A new agreement between the city and Fisheries and Ocean Canada will allow the city to clear out its two public boat ramps and improve the shoreline faster than ever before.
A memorandum of understanding between the two parties was signed two weeks ago, after more than a year of discussions to try and reach an agreement that will allow the city to remove materials that clog the boat ramps and use the debris to re-nourish parts of the foreshore.
“The (agreement) outlines a process for ongoing foreshore management that streamlines DFO’s review process and clarifies acceptable work procedures in and around the marine foreshore,” said Terri Martin, the city’s environmental coordinator, in a news release.
It was just last September that headaches with the constant build-up of rock and other debris at Ken Forde had the city considering permanently shutting down the boat ramp located across from Rona.
“If we are not able to negotiate temporary sediment storage into the MOU (memorandum of understanding), staff will be recommending that we close Ken Forde boat launch permanently. The ability to stockpile material is critical to maintaining and operating the boat ramp,” Ross Milnthorp, city manager of parks, recreationand culture, said in September 2011.
“If we are able to negotiate temporary sediment storage into the memorandum of understanding, Ken Forde boat ramp could be cleared on an as-needed basis during the recommended annual opening period.”
The new agreement means the city will be able to maintain both Ken Forde and Big Rock boat ramps from May through September each year and the city will be allowed to draw up a preliminary schedule dictating where material from both Ken Forde and Big Rock will be going each year.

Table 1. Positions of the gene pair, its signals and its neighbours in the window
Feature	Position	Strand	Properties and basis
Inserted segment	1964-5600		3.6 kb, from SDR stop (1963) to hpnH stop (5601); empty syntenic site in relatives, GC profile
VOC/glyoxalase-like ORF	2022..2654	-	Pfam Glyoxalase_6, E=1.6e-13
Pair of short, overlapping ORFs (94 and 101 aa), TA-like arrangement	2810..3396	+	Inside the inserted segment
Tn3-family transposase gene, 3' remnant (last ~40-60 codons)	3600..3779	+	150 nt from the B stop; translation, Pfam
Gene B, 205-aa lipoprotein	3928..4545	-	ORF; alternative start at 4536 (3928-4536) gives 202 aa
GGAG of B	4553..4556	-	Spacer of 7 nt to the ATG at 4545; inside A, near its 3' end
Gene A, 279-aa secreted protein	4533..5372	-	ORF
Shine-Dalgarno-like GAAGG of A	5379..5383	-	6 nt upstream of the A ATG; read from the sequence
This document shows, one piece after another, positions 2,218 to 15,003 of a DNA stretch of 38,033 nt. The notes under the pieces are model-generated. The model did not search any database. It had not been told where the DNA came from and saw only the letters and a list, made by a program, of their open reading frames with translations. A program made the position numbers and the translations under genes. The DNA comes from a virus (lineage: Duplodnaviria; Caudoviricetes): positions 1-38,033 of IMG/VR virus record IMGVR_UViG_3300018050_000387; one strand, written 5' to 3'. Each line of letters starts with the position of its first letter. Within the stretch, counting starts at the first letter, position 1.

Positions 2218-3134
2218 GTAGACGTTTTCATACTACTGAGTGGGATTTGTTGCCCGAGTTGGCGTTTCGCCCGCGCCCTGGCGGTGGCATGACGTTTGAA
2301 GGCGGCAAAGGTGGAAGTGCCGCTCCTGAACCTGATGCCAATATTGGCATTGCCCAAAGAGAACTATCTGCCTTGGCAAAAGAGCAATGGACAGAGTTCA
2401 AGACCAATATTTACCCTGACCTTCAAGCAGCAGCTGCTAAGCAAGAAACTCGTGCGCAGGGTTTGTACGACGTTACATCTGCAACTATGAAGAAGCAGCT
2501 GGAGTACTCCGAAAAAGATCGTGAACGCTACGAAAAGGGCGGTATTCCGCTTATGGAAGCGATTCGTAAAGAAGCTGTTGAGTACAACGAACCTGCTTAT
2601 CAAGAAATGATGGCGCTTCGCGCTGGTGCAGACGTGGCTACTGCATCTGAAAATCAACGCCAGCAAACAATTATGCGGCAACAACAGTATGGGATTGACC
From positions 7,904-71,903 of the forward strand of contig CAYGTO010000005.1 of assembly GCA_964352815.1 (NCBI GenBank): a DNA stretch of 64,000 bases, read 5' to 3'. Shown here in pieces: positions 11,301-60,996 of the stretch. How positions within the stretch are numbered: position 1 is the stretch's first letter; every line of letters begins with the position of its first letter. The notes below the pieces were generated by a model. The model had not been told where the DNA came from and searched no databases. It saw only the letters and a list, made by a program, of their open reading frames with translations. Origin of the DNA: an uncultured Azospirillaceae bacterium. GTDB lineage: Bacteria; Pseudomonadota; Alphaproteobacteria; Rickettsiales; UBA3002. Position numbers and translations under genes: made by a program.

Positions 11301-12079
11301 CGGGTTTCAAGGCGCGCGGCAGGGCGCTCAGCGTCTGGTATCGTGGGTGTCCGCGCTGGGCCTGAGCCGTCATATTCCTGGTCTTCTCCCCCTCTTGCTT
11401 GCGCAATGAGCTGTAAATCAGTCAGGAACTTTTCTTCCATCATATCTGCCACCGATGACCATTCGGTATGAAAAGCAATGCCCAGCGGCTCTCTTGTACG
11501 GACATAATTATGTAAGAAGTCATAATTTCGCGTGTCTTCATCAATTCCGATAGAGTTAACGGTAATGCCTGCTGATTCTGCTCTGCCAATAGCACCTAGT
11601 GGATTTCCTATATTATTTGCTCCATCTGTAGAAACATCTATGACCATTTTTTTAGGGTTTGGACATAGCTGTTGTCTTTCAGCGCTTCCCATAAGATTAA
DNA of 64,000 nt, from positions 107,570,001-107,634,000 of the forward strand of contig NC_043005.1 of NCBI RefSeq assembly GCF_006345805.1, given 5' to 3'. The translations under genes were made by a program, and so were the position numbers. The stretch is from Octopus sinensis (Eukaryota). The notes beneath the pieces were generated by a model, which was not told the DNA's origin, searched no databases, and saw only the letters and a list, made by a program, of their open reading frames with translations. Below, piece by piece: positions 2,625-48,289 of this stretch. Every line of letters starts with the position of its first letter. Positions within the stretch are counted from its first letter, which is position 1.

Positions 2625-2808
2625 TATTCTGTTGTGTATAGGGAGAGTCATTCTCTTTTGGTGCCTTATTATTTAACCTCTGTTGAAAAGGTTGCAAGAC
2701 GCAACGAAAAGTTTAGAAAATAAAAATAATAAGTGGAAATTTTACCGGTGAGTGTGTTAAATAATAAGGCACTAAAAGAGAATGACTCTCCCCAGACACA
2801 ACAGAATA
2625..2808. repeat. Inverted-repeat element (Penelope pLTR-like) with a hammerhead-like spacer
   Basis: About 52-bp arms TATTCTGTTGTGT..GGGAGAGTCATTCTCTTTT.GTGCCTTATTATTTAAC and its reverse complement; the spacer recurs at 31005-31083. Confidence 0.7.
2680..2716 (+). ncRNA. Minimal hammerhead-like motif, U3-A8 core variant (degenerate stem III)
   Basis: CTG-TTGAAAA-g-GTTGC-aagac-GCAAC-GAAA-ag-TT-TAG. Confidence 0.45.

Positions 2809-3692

“The memorandum of understanding is built on including a list of sites (along the foreshore) that we’re going to restore and when and where we’re going to do that,” Milnthorp said last year. “Essentially, it’s really all about protecting the foreshore.”
The agreement applies to projects that restore natural beach slope to allow natural movement of wood and gravel and to protect the shoreline and foreshore as well as nearby roads, sewer and water lines, and the seawalk from erosion during storms and flooding.
In the past the city has used debris from the boat ramps to restore badly-eroded areas at Rotary Beach, Dick Murphy Park (formerly the spit), and other areas along the Island Highway such as Ellis Park.
The agreement is based on the city’s Marine Foreshore Habitat Assessment and Restoration Plan, complies with the Federal Fisheries Act and is expected to shorten the Fisheries and Oceans review process time from months to 10 business days.
“With this agreement, Campbell River has demonstrated how seriously it takes its obligation to restore degraded and eroded foreshore areas,” Milnthorp said. “The city’s Marine Foreshore Habitat Assessment and Restoration Plan is an innovative long-term foreshore management strategy. This approach is particularly essential in view of anticipated rise in sea/tidal levels linked to climate change, and this agreement sets an example for other coastal communities to follow.”
The city’s efforts have already garnered provincial attention.
Soft-shore restoration work at Dick Murphy Park received a gold level rating from the Green Shores Technical Working Group, a project of the Stewardship Centre for BC.
Hard shore foreshore treatments such as rip rap and sea walls remain outside the scope of this new agreement.